Divorce is likely one of the most stressful events of a person’s life. There is no way to make the process completely seamless and easy, however, taking the time to prepare for the challenge and complexity of what lies ahead can be critical to how smoothly the process will go. One spouse can only control his or her own actions, however, the decisions a person makes when filing for divorce can set the tone and temperature for the entirety of the divorce process. If you are considering a divorce, make sure you take the time to prepare yourself as much as possible in every area that you can. While not every decision or eventuality can be prepared for, controlling what you can and making decisions ahead of time before emotions and anxiety enter the picture can be the best tactic for all involved.Contested v. Uncontested Divorce
Most divorces are contested, which means that both of the spouses simply do not agree on all major issues such as child support calculations, the division of marital property and debt, child custody arrangements, or spousal support. If it is possible for you to consider these areas prior to filing for divorce, you may have a better opportunity to have a quicker, more amicable, and less expensive divorce.
There are many differences between contested and uncontested divorces. Contested divorces will typically include an entire financial discovery process in which both spouses claim under penalty of perjury the number of assets and debts that they currently have, and what marital assets have been accumulated throughout the entirety of the marriage. Additionally, contested divorces may include depositions, testimony, and extensive calculations and paperwork.
Conversely, uncontested divorces are ones in which the spouses typically agree on almost all major issues listed above, though legal documents still need to be filed with the court in order to make the divorce legally binding. Both parties will still need to go before a judge and attest to the fact that these matters are agreed upon. Typically, if the family court judge sees that both spouses are in agreement on all major issues, they will simply ratify the agreement that the spouses have created, and the divorce will be ordered.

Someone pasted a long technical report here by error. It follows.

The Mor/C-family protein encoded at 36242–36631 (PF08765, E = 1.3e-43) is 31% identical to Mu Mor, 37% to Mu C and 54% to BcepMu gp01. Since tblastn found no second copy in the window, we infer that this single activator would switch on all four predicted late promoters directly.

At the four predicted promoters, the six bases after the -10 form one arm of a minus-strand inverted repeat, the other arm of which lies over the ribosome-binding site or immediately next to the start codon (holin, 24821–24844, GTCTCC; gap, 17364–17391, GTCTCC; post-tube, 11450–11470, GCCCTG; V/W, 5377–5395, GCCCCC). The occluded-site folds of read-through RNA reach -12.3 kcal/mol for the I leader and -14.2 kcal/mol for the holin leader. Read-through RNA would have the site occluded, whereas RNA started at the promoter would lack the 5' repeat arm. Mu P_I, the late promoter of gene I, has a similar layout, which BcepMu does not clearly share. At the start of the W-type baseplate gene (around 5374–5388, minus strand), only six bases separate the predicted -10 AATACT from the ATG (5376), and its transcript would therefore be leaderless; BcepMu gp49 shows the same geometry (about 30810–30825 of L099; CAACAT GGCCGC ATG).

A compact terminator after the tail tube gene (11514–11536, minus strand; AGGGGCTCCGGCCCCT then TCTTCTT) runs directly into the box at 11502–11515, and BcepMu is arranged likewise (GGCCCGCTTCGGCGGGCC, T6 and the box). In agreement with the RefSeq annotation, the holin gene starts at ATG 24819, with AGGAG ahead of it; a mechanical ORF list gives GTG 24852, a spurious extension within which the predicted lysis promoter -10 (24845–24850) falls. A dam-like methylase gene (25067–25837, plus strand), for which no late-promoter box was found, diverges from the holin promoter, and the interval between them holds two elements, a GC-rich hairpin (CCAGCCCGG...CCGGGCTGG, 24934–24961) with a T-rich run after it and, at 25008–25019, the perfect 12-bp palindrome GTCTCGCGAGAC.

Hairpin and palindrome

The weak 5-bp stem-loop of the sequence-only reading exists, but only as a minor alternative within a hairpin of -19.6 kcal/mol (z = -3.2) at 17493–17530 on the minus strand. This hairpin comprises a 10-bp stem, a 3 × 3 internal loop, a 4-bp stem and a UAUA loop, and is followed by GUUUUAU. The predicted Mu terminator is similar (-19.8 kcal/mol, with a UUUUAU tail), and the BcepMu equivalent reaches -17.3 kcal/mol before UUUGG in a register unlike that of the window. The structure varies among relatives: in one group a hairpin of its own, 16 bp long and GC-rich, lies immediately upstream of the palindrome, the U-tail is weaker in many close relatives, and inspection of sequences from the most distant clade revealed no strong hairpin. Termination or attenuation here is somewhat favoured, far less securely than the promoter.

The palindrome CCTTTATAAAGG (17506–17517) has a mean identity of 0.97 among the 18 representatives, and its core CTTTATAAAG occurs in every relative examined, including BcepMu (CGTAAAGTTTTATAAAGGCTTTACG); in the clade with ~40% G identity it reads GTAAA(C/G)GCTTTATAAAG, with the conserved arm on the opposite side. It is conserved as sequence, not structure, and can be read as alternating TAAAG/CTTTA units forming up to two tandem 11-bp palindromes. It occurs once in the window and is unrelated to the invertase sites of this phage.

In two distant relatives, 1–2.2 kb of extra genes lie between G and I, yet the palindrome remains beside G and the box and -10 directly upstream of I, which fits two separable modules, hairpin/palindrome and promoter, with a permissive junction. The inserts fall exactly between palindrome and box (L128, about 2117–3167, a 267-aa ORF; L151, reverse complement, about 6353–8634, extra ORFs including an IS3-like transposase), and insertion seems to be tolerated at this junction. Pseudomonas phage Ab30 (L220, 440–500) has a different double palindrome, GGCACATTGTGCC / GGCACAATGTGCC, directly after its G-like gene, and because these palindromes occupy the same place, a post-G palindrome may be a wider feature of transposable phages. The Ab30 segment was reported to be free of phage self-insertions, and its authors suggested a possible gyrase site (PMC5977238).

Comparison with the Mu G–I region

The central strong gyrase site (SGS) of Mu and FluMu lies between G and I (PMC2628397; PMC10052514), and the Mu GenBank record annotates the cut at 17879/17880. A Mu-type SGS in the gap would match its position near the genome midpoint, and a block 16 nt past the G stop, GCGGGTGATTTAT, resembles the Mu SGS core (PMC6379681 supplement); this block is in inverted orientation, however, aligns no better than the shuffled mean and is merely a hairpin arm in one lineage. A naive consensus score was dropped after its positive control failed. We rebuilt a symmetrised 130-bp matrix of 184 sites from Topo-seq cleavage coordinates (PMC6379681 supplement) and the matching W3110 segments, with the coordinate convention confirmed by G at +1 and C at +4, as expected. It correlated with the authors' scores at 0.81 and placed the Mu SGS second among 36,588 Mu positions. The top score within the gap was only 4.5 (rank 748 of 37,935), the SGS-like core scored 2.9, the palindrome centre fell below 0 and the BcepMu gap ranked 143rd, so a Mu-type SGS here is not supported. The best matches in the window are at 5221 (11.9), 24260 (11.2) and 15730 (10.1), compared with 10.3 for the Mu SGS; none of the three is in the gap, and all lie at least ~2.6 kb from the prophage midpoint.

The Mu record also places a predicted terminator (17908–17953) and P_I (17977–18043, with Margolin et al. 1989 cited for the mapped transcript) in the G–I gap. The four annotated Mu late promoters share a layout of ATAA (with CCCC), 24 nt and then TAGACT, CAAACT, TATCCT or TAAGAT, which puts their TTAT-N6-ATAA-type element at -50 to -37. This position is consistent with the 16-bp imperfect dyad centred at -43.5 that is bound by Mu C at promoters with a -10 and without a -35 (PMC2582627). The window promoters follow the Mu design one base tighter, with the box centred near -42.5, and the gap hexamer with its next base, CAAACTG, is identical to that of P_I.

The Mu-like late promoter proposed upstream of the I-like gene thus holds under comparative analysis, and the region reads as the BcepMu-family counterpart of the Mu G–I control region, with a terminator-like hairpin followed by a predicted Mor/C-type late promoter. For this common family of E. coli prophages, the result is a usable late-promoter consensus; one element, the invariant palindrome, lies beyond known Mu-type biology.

Contested divorces take a great deal more time and money than uncontested divorces due to the lack of agreement by both parties. If you anticipate having a contested divorce, you should obtain legal representation by an attorney. However, even if you are having an uncontested divorce, you should contact an attorney to ensure that all of your legal rights are being protected regarding your finances and your child support, spousal support and custody matters.Divorce Preparation Checklist
Nothing can ever fully prepare a person emotionally for a divorce. However, there are certain things you should take into consideration before filing to obtain a divorce to ensure that you have considered all of the most important aspects that will need to be decided throughout the process.
- Take Time Before Actually Filing. Before you actually file the divorce complaint (which is a point of no return for most spouses), you should take time to carefully consider whether or not you actually want a divorce. Do not threaten to file for divorce unless you actually are considering going through with the process.
- Take a Close Look at Your Financial Situation. Most people, especially those who do not handle the day-to-day finances are unaware of how they will financially handle their situation following a divorce. Take the time to seriously examine all of the marital assets you have, and how you will be able to make a living and support yourself and your children after a divorce. Consider consulting with a financial adviser, if necessary.
- Establish Realistic Expectations for Child Custody and Child Support. Every parent wants to have as much time as possible with their children. However, most courts will attempt to allow both parents to enjoy joint physical and legal custody of the children. Take time now, before the stress and challenges of a divorce, to consider what your realistic expectations should be for child custody and child support.
- Determine Where You Will Live. Do not leave the marital home unless you or your children are in any kind of danger. It is always more difficult to move back into a family home once you have left it. Consider what other options you will have if you are unable or can not afford to live in the marital home. If you are considering a divorce, discussing your options with a knowledgeable attorney can be beneficial before making any decisions.
After thinking about all of the considerations on the checklist and whether or not you will have a contested or uncontested divorce, make sure your legal rights are protected in your divorce in the area of Charlotte, Mooresville, or Monroe, North Carolina. Contact an experienced divorce attorney at Arnold & Smith, PLLC at 704.370.2828 or online today for your initial consultation.